Kim realized that Japan, once viewed by Koreans as a barbaric nation, had westernized and became a much stronger country. Kim wished to visit Japan to learn how the Japanese had westernized. In November 1881, the royal courted granted Kim permission to visit Japan with the secret commission to learn if Japan planned to invade Korea. After arriving in Tokyo, he met with influential Japanese politicians. He concluded that, for now, Japan would not invade Korea because its military strength was not comparable to Qing China. Kim felt that to ensure survival with China in decline, Korea had to request Japanese help to modernize.

In July of 1882, Korea made another ultimately disadvantageous pact with Japan, in which Korea paid for hosting the Japanese embassy and Japanese soldier to guard the embassy. Kim believed the solution to Korea's weakening position lay in introducing a new, progressive, political party to wipe out the dominant conservative party. In August of the same year, permission to visit Japan as a part of a diplomatic expedition seemed to bring Kim closer to realizing that dream.

After completing diplomatic missions, Kim stayed in Japan purportedly to find out Japan's true intentions towards Korea. His real intention lay in gathering support for plans Gae-Hwa-Pa to overthrown the Korean court and install a Progressive court. During his stay in Japan, he sought assistance from Japanese statesman Inoue Kaoru who promised him 3,000,000 Won (Korean currency) if granted permission from the Korean Emperor Gojong. Unfortunately, conflicts with a German ambassador and a change in Japanese policy on Korea caused Inoue to break his promise. Kim returned home in March 1884 without having attained his goal.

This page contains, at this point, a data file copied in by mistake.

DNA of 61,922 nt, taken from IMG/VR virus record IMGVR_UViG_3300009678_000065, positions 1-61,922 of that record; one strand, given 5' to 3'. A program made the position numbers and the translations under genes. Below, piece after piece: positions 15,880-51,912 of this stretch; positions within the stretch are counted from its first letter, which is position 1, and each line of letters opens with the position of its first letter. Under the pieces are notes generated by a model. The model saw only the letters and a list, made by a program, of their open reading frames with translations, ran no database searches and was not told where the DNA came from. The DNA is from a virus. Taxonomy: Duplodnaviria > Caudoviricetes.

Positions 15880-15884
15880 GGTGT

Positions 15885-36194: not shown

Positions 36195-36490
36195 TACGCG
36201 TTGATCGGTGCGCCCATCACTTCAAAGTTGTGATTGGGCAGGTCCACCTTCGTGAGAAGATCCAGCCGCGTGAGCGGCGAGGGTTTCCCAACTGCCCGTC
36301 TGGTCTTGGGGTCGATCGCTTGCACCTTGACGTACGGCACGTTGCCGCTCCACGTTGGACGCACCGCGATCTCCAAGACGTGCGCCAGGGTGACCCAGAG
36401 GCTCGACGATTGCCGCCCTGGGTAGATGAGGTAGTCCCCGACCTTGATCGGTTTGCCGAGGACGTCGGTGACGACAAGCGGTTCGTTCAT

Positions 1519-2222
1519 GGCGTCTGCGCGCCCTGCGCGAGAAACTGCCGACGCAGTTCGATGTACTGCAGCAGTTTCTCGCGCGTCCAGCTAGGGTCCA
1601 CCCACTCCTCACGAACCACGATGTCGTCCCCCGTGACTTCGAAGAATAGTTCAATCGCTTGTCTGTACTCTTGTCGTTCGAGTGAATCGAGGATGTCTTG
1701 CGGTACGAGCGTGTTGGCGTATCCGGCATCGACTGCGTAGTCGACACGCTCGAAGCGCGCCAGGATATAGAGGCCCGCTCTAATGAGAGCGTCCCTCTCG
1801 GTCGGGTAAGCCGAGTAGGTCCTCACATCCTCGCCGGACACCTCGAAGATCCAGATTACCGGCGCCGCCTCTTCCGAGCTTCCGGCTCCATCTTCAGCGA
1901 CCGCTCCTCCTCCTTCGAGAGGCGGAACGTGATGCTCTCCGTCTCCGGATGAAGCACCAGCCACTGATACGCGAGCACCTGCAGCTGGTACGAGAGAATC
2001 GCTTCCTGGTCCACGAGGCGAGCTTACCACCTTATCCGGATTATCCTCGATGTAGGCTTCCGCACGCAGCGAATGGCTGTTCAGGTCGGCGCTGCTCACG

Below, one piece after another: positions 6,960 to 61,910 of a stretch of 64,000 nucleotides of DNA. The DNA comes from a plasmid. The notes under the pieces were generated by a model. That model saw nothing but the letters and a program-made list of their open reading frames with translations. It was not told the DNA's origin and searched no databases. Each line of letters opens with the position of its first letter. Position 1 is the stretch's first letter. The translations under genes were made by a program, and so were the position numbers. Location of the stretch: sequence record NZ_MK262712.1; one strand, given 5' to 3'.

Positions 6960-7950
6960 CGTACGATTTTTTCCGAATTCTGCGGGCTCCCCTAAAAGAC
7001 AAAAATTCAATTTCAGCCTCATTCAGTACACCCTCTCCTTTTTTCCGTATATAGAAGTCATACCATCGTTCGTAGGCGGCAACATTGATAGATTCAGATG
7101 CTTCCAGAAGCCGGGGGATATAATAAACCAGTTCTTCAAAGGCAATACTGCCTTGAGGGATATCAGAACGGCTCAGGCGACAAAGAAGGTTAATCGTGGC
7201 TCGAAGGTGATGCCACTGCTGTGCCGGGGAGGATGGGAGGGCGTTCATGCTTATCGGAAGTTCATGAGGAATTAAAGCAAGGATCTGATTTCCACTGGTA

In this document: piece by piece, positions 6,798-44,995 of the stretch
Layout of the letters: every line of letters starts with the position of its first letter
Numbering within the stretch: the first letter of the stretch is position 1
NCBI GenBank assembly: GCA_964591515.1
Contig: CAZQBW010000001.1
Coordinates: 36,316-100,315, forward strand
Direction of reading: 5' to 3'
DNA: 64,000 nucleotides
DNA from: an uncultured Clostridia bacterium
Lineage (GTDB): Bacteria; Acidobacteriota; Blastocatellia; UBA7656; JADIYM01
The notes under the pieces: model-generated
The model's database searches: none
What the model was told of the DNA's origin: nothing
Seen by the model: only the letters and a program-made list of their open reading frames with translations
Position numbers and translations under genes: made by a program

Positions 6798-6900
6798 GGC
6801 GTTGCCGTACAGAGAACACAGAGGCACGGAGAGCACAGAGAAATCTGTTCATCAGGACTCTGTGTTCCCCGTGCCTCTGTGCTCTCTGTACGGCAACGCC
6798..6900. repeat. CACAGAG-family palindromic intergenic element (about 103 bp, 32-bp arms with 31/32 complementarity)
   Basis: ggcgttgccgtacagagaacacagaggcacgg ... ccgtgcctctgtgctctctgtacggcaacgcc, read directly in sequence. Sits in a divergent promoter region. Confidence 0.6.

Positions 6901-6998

Second plan: Gapsinjeongbyeon

Site of Kapsin Chongbyon coup attempt in 1884.

The Gae-Hwa-Pa activists continued to meet at Kim's private house and discuss the ongoing events concerning East Asia and the international politics. Kim offered a feast for the members of the Ming Yaung-Ik political faction, Japanese government officials including Inou, and several of the Gae-Hwa-Pa activists. The discussions turned uncomfortably to the Sino-French War. The Ming Yaung-Ik faction fiercely supported Qing China (which would also ensure the survival of Korea), and Japan fiercely supported France (which would allow Japan to overtake Korea). The meeting broke up as Kim and others tried to stop the heated debate. From that meeting, Kim could clearly predict that Japan would try to take advantage of the Sino-French War by extending its influence on Korea.